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Old 06-11-2013, 04:39 PM   #1
dand
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Default 1 Gal Cider on wheat ale yeast?

I am still quite green to the whole brewing game, so i thought i would run a thought i had by you guys before i tried it, see what kind of tips i can get before i start.

I have a 1 gallon BrooklynBrewhouse summer wheat kit that i am about to bottle, and reading through the cider thread i want to try making some cider with the yeast cake from the wheat beer.

I am thinking about trying this quicker method rather then back sweetening for my first try so i can get some quicker results.
http://www.homebrewtalk.com/f32/my-u...hnique-411838/

While reading some of the other forums it seems that overpitching is a bad thing, that having too much yeast to start with is a bad thing that can cause some off flavours in beer, but is there the same concern for cider?
Should i abandon the 5-6 day idea and just let it go and backsweeten?

Any other tips are also appreciated as this will be my first attempt at cider.

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Old 06-13-2013, 01:32 PM   #2
stevetree
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I've successfully used a cake six times. Honestly, it seemed to get better after the second batch. Number seven is still in secondary, so we'll see soon about that one. I'm not sure if every type of yeast will perform like that though.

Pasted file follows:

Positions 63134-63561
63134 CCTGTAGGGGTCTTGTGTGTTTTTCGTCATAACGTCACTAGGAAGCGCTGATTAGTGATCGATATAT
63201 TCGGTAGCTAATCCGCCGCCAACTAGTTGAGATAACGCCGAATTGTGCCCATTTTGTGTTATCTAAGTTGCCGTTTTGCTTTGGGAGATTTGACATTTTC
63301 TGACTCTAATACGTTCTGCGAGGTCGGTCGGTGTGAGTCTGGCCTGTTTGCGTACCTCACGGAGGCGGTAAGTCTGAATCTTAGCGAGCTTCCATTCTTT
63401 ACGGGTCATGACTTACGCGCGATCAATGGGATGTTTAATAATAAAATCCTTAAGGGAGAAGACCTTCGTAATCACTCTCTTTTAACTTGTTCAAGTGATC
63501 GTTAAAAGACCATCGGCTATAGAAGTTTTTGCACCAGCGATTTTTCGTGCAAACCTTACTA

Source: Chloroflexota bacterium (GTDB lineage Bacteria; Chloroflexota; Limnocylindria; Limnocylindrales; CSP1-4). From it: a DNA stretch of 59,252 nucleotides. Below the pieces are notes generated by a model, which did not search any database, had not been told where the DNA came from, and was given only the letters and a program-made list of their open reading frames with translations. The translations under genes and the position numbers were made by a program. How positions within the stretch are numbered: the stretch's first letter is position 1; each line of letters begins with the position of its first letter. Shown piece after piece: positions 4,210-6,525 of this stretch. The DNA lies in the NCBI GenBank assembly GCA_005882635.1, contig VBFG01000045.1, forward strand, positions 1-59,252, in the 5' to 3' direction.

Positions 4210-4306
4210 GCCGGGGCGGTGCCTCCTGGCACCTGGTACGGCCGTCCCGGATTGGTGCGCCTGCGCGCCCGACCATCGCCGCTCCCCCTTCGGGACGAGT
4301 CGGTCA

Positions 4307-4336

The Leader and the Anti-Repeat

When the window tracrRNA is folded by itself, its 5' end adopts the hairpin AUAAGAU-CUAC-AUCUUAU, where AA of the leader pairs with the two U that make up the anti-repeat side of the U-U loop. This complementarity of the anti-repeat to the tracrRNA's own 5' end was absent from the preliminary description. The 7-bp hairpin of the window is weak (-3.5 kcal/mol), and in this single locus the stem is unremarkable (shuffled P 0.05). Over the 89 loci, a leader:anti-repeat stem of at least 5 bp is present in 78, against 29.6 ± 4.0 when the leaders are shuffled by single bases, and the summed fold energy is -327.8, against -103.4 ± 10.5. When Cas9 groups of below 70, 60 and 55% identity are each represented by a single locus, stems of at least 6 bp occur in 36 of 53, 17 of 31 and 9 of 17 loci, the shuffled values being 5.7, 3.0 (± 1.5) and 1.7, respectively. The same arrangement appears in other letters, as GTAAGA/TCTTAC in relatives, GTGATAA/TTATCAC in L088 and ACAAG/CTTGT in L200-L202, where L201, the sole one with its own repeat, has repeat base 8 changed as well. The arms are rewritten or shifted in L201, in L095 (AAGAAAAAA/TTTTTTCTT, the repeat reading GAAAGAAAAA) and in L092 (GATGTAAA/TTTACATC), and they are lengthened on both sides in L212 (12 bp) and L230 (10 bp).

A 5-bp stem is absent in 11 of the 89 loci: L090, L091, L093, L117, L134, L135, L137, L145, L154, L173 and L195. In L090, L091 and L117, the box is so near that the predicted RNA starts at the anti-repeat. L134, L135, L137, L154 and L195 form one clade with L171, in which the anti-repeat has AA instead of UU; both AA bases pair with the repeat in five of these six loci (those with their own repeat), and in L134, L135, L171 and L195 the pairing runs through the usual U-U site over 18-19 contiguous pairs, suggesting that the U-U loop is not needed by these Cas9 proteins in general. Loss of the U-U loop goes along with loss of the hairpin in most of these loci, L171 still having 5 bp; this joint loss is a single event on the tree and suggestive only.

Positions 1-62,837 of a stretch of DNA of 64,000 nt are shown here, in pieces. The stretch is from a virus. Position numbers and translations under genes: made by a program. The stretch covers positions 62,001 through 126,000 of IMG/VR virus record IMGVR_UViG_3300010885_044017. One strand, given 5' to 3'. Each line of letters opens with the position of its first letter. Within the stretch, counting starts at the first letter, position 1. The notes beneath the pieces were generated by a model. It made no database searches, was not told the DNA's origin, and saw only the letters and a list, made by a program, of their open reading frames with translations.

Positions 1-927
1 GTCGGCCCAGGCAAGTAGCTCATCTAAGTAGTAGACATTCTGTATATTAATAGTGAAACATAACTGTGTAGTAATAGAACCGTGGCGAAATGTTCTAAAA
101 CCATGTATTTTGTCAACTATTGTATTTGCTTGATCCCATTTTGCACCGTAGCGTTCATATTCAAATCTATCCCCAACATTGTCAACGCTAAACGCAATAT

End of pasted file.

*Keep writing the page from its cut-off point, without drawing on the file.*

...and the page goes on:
My main concern with the five day method is the amount of sediment you'll have in the bottle. If you're drinking it immediately, it won't be a problem, you'll just have cloudy cider with lots of yeast in it. It won't be sparkling clear, and it may give you a little gas, but yeast is good for you, right? The quickest batch I've done was two weeks. One week in primary and one in secondary. This is with a high flocculating yeast, so it only took a week to settle out, leaving the cider crystal clear. Obviously five days has been done before, and he liked the results. Try it, but when it's finished start a new batch and try to let it go a week in primary and at least a week in secondary. It's all about building up enough 'drinkable now' cider to give you the patience to let batches go longer for smoother, more finished product I tend to do a couple low gravity/abv batches to get me through while the higher gravity batches age.

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